The largest island in Ambas Bay used to be inhabitated by people from Equatorial Guinea (if I recall correctly) but living there became too difficult as all food and water had to be brought to the island for the growing population of over 300 people. Jonathan, Sharon and I drove in a taxi to nearby Bota Town to hire a boat to take us around the islands. Once underway we went back to the hotel to find Bob so he could join us but he was not in his room (he was supposed to be resting from his Mt. Cameroon illness but he can not sit still long). Bob was lucky that day because he was walking back in from town and saw us just as we were about to give up on him. He had to hike down and run into the water to get on the boat, protecting his Cipro from getting wet by rolling it up in his sleeve.
The boat ride was nice but as expected the trip was not all that we had asked for. We wanted to go around all of the islands but as we got closer to the island farthest offshore we started running out of gas... so then we went stright to see the de populated island. A closer view of some of the islands. Notice the arch on the right and the mainland in the background on the right.
To see where the the people used to live we hiked up a steep staircase from the water.
Sharon and Jonathan at the top of the stairs.The only remnants of the island city are the foundations of the one room buildings. The island is still used today for traditional rites and ceremonies, which take place in the straw huts.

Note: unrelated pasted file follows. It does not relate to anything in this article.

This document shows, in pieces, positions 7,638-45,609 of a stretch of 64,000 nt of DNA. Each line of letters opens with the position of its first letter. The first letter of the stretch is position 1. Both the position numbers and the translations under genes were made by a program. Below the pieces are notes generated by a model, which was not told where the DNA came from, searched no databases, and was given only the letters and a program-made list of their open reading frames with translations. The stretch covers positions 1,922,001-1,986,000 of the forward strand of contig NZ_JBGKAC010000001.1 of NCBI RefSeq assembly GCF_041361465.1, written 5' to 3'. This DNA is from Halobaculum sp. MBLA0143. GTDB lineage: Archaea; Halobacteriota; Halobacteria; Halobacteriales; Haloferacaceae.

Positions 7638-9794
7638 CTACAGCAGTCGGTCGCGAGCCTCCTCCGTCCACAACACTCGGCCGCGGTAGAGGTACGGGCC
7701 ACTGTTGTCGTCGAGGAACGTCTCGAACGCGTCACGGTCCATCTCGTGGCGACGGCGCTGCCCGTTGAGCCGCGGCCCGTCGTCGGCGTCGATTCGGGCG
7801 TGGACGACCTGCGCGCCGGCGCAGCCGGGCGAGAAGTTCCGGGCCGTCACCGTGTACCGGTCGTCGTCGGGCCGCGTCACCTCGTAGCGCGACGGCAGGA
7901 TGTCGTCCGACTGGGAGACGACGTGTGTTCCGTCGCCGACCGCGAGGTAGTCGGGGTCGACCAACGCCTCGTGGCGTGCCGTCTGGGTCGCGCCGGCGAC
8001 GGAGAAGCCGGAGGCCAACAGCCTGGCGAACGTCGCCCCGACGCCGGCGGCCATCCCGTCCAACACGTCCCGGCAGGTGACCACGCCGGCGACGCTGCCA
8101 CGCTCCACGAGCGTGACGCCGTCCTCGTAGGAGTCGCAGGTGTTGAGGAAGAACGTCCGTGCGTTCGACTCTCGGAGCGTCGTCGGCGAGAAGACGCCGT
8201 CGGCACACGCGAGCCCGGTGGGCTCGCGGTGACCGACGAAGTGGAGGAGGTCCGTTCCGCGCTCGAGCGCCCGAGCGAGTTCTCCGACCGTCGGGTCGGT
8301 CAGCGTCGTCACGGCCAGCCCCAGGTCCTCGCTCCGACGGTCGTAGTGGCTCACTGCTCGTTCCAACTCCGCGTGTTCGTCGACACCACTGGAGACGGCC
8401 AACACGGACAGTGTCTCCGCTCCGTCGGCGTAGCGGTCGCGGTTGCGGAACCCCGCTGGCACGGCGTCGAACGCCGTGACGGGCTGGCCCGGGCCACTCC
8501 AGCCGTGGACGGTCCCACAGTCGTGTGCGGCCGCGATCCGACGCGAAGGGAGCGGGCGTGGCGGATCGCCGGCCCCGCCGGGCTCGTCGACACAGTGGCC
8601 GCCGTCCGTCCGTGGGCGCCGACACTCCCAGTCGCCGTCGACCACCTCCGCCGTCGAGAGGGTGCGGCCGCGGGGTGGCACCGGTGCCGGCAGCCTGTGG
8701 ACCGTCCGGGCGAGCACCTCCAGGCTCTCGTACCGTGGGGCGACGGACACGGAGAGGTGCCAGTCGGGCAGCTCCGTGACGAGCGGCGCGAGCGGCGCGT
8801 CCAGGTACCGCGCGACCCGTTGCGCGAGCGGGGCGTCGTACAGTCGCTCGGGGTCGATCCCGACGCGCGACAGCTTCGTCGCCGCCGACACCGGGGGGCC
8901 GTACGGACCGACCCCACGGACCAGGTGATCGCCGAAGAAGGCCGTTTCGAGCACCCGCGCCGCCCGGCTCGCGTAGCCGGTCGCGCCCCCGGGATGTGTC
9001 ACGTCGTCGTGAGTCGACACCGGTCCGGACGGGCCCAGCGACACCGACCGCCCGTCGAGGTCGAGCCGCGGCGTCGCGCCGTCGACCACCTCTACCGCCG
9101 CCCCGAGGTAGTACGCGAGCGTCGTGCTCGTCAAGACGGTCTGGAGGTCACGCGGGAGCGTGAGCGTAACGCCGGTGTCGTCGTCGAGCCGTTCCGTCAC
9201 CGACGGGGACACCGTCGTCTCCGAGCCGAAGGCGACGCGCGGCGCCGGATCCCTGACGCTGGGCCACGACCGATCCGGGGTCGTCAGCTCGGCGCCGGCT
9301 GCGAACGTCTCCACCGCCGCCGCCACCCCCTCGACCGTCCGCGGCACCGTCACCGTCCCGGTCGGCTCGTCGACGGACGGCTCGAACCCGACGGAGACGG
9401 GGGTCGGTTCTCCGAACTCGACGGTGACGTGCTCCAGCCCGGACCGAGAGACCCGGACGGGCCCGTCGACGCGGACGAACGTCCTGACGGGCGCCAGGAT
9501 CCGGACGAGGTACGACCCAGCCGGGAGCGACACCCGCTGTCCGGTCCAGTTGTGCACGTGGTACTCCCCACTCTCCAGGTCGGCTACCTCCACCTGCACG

Back to the mainland...

Sunday, March 16, 2008

Hiking Mt. Cameroon

Bob, Sharon, Jonathan, Kevin, Susan and I set off on an adventure that started with a flight from Lagos, Nigeria to Douala, Cameroon. The flight and immigration went smoothly (which is unexpected because K&S forgot their Yellow Fever vaccination cards) and to our surprise a van/bus organized by Mount Cameroon EcoTourism Organisation (Mount CEO) was there to pick us up and take us to Buea, a town situated near the base of Mount Cameroon (1000m elevation), where the tourism organization was located. Before dealing with planning for the hike we were taken to check into our hotel and to a restaurant for dinner, which we preordered on the drive (chicken with rice or chips/fries). We then met with Gwendoline at Mount CEO to start making arrangements for the hike to the top of Mount Cameroon (4,040 metres (13,255 ft)) which would start the following morning. We opted for the 2.5 day trip starting at Buea, sleeping at Hut 2, then summiting and hiking to Mann Springs to camp and then into Bokwaongo, where the hike ended.

We woke on Saturday morning, ate breakfast at the hotel and headed over to Mount CEO to meet the guides who would each be carrying 15kg of our camping gear and water (required to have one guide per person to support the org). The hike started about 9:30AM.

Here is a photo of Bob and me the morning of the hike.
Hiking through the farmland where cocoa yam, banana or plantains, and cocoa were the primary crops, typically tended to by the women.